Catherine: Thank you. Let’s talk about that a bit more – what was it like when the pandemic started to arrive?
Stevie-Lee: When the pandemic hadn’t quite hit Australia yet, but we were hearing about the news overseas in Spain in particular, we were actually due to have a team building day which ended up turning into a Covid response day. So, funnily enough, we were down near Melbourne Museum that day and we all sat in the Carlton Gardens and figured out what our response was going to be if COVID-19 hit as hard as it did overseas.
Shania: We were getting prepared for everything. I think we were just trying to plan out what we were going to do, what supplies we would need, PPE and that sort of stuff, because we didn’t know what to expect.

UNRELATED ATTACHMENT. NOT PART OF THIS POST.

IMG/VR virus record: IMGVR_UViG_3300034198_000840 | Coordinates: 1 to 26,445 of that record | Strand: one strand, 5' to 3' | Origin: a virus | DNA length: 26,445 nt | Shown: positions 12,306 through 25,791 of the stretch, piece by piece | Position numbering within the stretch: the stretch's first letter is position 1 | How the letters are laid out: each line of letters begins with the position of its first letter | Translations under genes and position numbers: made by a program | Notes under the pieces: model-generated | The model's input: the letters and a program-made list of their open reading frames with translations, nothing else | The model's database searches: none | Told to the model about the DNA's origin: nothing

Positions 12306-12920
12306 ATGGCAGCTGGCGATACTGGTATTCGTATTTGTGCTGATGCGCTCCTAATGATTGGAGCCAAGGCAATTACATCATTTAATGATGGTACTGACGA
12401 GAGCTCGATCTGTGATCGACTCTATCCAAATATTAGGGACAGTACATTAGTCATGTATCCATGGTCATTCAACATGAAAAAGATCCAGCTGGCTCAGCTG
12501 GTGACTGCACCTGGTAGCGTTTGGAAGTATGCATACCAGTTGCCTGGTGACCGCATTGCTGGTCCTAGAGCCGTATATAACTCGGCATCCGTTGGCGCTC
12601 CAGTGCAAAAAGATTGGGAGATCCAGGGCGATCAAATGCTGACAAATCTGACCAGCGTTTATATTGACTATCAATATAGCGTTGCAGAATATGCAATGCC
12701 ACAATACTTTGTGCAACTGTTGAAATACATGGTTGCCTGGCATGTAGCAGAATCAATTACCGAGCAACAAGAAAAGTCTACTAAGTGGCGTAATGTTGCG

Karinda: The day that we planned this team building day was also the day that Victoria was declared a State of Emergency. We were literally in the gardens behind Melbourne Museum, driving into the city, listening to Dan Andrews talk about the State of Emergency and asking ourselves, “Do we turn around and go home now, or do we come together?” We had a fun day of activities planned including going to museum’s Bunjilaka gallery, and it was suddenly a question of, “what do we do now?” So we took the opportunity to go, “right, what’s our response plan?”, and by the end of that day we had in writing a ten-point response plan that looked at this four-tiered model that just completely upended our entire service.
‘I think the key thing for us was maintaining our warm, kind environment in a world that was literally turned upside down. For example, when the social distancing came into effect, we had to really think deeply about what that meant for our community, and how we could adapt in a way that was in line with our values.’